In a race against developers in the Rocky Mountains, archaeologists uncover a unique fossil site packed with astonishingly well-preserved bones of mammoths, mastodons, and other giant ... See full summary »

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Himself - Narrator (voice)
Kirk Johnson ...
Himself - Denver Museum of Nature & Science
Daniel Fisher ...
Himself - University of Michigan
Ian Miller ...
Himself - Denver Museum of Nature & Science
Joseph Sertich ...
Himself - Vertebrate Paleontologist
Eugene Schweig ...
Himself - (United States Geological Survey
Richard Stucky ...
Himself - Denver Museum of Nature & Science
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In a race against developers in the Rocky Mountains, archaeologists uncover a unique fossil site packed with astonishingly well-preserved bones of mammoths, mastodons, and other giant extinct beasts. The discovery opens a highly focused window on the vanished world of the Ice Age in North America. Written by Nova

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2012 (USA)  »

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16:9 HD
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The "shake, kill, shake, bury" theory.
18 August 2014 | by (Houston, Tx, USA, Earth) – See all my reviews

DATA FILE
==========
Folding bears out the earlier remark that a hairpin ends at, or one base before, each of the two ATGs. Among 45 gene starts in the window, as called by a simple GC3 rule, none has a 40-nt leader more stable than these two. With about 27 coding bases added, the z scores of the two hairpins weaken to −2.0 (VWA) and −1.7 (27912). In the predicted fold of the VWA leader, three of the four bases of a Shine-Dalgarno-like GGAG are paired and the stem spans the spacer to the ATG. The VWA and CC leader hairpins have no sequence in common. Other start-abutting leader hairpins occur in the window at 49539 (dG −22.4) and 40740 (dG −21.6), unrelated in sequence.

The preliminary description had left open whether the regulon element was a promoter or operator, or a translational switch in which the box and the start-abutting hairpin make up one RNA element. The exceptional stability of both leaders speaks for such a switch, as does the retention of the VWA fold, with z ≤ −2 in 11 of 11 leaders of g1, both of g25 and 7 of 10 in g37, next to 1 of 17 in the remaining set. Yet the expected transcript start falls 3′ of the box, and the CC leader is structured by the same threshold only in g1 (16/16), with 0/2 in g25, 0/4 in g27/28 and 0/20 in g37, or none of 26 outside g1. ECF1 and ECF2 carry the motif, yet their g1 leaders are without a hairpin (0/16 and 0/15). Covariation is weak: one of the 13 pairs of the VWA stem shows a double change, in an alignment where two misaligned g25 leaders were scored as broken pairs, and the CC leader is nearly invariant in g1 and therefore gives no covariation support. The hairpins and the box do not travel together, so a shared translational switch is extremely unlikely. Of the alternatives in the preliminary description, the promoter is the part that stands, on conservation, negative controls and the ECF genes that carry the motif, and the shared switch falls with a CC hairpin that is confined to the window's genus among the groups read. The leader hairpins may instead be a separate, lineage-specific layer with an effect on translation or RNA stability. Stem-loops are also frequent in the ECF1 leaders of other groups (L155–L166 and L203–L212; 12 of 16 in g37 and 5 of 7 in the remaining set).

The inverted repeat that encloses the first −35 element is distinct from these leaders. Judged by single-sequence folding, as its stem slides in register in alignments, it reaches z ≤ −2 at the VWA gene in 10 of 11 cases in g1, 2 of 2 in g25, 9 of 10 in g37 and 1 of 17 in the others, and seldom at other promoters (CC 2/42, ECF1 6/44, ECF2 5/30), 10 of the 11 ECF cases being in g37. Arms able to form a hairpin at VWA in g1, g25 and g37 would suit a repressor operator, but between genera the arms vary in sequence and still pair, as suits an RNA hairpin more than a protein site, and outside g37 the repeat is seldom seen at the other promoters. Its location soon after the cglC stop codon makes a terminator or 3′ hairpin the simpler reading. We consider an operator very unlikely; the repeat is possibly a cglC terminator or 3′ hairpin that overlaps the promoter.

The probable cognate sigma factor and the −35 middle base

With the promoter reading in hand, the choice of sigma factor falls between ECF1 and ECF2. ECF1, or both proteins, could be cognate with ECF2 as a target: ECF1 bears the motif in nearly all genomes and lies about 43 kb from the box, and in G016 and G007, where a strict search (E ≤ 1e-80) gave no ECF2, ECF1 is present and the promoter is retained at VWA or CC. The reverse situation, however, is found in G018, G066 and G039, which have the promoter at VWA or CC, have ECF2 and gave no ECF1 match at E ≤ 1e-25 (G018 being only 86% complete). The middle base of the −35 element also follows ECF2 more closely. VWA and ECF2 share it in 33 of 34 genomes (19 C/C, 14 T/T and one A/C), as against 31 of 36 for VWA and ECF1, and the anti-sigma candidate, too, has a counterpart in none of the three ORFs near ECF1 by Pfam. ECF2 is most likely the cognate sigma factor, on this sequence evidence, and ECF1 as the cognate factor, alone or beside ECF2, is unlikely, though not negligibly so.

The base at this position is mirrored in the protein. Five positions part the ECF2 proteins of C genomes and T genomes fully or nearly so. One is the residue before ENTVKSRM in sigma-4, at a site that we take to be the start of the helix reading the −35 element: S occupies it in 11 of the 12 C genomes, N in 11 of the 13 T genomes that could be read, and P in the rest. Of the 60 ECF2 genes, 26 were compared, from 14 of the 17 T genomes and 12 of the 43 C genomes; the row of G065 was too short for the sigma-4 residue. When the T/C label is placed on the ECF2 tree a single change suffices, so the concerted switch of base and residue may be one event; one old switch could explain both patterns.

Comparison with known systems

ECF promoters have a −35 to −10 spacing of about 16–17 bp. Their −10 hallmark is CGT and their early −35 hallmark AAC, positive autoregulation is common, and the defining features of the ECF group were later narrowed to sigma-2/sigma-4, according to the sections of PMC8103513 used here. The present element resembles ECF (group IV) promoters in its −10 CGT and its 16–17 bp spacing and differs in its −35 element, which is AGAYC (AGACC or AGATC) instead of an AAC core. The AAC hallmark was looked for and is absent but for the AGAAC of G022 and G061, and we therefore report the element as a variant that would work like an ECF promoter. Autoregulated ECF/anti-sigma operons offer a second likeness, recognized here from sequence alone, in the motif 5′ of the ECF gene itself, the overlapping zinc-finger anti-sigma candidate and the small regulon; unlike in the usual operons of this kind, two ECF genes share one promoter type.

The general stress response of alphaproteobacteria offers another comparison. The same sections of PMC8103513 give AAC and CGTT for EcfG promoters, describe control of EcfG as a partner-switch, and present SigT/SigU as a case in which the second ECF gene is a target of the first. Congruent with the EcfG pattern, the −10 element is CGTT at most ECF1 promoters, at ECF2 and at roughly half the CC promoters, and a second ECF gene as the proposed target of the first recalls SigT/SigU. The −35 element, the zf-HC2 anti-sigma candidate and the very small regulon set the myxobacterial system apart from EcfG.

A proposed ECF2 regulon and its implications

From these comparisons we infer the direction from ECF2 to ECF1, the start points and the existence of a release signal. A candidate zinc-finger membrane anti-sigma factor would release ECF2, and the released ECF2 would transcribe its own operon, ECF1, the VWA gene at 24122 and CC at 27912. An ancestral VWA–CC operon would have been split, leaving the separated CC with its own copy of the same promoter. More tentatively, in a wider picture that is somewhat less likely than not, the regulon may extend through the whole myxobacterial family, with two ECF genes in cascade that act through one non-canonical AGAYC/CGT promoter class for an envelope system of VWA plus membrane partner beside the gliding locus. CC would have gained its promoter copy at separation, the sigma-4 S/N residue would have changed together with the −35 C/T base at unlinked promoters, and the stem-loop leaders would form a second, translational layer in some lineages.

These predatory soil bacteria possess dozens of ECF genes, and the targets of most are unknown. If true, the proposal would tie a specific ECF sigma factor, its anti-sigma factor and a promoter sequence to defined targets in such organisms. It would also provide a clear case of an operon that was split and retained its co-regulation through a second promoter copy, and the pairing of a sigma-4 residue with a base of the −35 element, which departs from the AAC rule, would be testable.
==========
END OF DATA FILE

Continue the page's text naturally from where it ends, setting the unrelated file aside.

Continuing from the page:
This is a very interesting NOVA program. I found it on Netflix streaming movies.

In recent years a project at Snowmass Village in the Colorado Rocky Mountains, in the prep work, a bulldozer driver noticed what looked like bones or teeth in the dirt, so he stopped and brought it to the proper attention.

Archeologists were delighted, it appeared to be a totally new find, but to keep the project on schedule they were allowed just a few weeks, a tiny bit of time, to excavate and see what they could find. They brought in as many diggers as they could.

They found hundreds of bones, but most significant seemed to be most of the animals died at or near the same time, about 100,000 years ago, in the lowest level of sediment. Mostly very large and now extinct animals like Mastodons, Mammoths, Giant Sloth, and a North American variety of Camel. It will never be know for certain but a prime theory is that if the animals were at the pond's edge when an Earthquake shook the ground, a phenomenon called "liquefaction" could have turned the wet sand into a type of quicksand the consistency of pudding, and if the large animals sank to their knees or more when the shaking stopped and the ground solidified again they couldn't get out and soon died.

Another surprising find in an upper layer were Mammoth bones mixed in with medium sized boulders. With no other boulders in that upper layer, about 45,000 years ago. It cannot yet be proved but the speculation is early man used the pond as a meat storage, using boulders to keep the carcass submerged to protect it from scavengers and keep it from spoiling, until they could return and retrieve the meat. But no actual remains of man that old have been found anywhere in North America so it will remain just speculation.

A very nice program of a very interesting find.


3 of 3 people found this review helpful.  Was this review helpful to you?

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